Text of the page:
Cloud distribution company, rhipe, has recently completed an Office 365 deployment with The Australian Ballet aimed at improving productivity and employee collaboration in disparate environments.
Rhipe vice president of solutions, Daniel Goss, told ARN the ballet had an ageing intranet platform that didn’t provide the capability or user experience the organisation was looking for.
“They have different roles [office, touring and support staff, management and dancers] that all need access to information, often on different devices and the current platform simply couldn’t support it, especially when the content included rich media such as rehearsal videos,” he said.
“The information that was shared lacked consistency and departments found it difficult to collaborate and communicate relevant information to others. The solution had to address these needs and deliver it in a modern, engaging way that aligned with The Australian Ballet brand.
As the one of Australia’s largest arts companies, The Australian Ballet’s plans for expansion, attracting new audiences and creating new productions, initially lead its IT department to look at ways the company could be more productive, collaborative and mobile.
Australian Ballet IT manager, Damien Calvert, said the organisation had a workforce that was split across the country but needed to work together on specific projects.
“We really wanted to find a solution to cope with the problem of having people in different places and connect the different parts of our organisation,” he said.
“We were looking for a modern intranet, and Microsoft SharePoint was a good fit. We made the decision to go to Office 365 as Microsoft offers great benefits to Nonprofits and we saw the potential of the platform.
Rhipe’s Goss said the most challenging component of the deployment was making sure that the user experience was consistent across a host of personal mobile devices.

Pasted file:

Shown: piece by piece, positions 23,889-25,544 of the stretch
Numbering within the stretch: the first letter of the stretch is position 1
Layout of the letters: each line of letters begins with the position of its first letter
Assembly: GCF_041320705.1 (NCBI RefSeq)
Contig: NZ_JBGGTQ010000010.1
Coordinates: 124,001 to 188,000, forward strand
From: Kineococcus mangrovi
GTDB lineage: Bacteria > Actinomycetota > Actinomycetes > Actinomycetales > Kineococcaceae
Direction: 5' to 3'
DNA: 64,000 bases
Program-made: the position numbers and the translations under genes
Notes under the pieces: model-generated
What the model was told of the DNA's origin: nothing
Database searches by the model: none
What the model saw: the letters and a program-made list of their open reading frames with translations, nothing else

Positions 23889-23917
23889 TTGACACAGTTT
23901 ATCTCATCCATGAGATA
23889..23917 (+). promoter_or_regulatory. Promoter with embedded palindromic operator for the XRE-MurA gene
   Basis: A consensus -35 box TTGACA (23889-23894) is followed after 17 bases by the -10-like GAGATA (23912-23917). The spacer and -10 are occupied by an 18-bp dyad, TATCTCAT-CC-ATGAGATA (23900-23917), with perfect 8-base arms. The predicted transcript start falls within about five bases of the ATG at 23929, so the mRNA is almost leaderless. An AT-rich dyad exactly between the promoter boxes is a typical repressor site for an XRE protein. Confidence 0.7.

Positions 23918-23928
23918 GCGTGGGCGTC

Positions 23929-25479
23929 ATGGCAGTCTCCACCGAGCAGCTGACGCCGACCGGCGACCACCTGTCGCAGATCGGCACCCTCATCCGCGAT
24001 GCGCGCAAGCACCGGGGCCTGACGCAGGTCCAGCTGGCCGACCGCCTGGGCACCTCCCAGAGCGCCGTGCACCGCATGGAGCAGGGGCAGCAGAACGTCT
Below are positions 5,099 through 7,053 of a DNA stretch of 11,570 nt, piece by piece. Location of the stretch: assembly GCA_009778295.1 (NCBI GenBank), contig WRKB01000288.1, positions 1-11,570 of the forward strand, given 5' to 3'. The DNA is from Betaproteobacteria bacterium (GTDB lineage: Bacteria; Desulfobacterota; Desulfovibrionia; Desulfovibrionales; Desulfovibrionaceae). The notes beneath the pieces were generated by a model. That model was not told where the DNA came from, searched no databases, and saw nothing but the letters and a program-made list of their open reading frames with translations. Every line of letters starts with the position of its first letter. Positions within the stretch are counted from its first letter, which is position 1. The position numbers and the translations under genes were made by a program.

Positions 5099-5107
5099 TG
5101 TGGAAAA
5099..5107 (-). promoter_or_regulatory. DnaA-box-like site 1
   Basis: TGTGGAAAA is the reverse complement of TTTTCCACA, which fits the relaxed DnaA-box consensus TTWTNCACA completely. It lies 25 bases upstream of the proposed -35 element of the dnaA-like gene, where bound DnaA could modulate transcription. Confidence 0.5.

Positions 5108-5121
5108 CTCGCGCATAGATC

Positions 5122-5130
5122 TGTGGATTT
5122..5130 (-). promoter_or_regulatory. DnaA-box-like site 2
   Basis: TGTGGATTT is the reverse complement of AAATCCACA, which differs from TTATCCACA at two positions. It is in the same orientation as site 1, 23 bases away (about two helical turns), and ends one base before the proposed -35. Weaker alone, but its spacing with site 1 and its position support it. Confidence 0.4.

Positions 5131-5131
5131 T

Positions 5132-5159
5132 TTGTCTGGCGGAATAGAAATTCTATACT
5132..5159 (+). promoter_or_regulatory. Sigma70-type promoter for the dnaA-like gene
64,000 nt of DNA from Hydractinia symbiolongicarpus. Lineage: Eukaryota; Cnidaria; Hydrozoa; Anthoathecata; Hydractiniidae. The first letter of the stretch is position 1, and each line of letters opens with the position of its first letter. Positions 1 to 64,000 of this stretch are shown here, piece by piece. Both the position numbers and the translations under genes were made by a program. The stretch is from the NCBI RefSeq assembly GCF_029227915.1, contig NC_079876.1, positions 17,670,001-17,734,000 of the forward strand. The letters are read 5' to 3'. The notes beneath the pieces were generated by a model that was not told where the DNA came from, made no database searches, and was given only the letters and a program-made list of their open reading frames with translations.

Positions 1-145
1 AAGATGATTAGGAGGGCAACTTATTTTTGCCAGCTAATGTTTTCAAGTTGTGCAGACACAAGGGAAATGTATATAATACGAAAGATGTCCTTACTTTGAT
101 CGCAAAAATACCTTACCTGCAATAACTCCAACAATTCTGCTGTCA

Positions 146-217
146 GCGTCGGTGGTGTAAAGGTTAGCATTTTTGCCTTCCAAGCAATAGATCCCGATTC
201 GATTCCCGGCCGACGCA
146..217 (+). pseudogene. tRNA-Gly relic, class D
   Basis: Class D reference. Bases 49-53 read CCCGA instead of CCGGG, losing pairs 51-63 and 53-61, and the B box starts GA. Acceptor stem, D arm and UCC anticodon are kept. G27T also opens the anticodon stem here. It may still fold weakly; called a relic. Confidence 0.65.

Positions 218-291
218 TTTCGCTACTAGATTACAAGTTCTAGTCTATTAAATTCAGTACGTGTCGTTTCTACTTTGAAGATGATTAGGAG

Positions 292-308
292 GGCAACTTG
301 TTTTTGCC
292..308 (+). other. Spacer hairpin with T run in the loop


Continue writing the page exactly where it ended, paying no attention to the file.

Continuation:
“Engaging dancers was a key requirement of the project and we felt their user experience was critical to the adoption of the platform,” he said.
Goss added that the only way to overcome the challenge of deploying a new system to such a vast array of users in different roles was an extensive testing process.
“User acceptance testing is critical,” he said.
“Don’t assume how people will access content on mobile devices, you will constantly be surprised. It’s great to see Microsoft assisting by building out discrete experiences through apps. The O365 Video App is great for viewing video content on mobile devices and leaves us to focus on where we can add value.
Goss explained rhipe also deployed a custom calendar app that aggregated multiple event calendars for different departments.
“Users could easily see colour coded events based on tags and connect them to their Outlook client,” he continued.
“In this situation we used the out of the box calendar functionality of SharePoint Online with a new front end experience, thus minimising the risk of issues if Microsoft decided to deploy an enhancement to the platform. Small app based enhancements like this can solve a simple yet common problem and also provide a little “wow’ factor for users.”
“I think there’s a huge potential with the Office 365 platform,” added Calvert.
“We are starting to look into things like Power BI as analytics is of great interest to the business. A lot of our daily reports have to be manually collected and put into Excel sheets, so I think the Power BI tool is very exciting in how it visualises the data and allows people to interact with it.”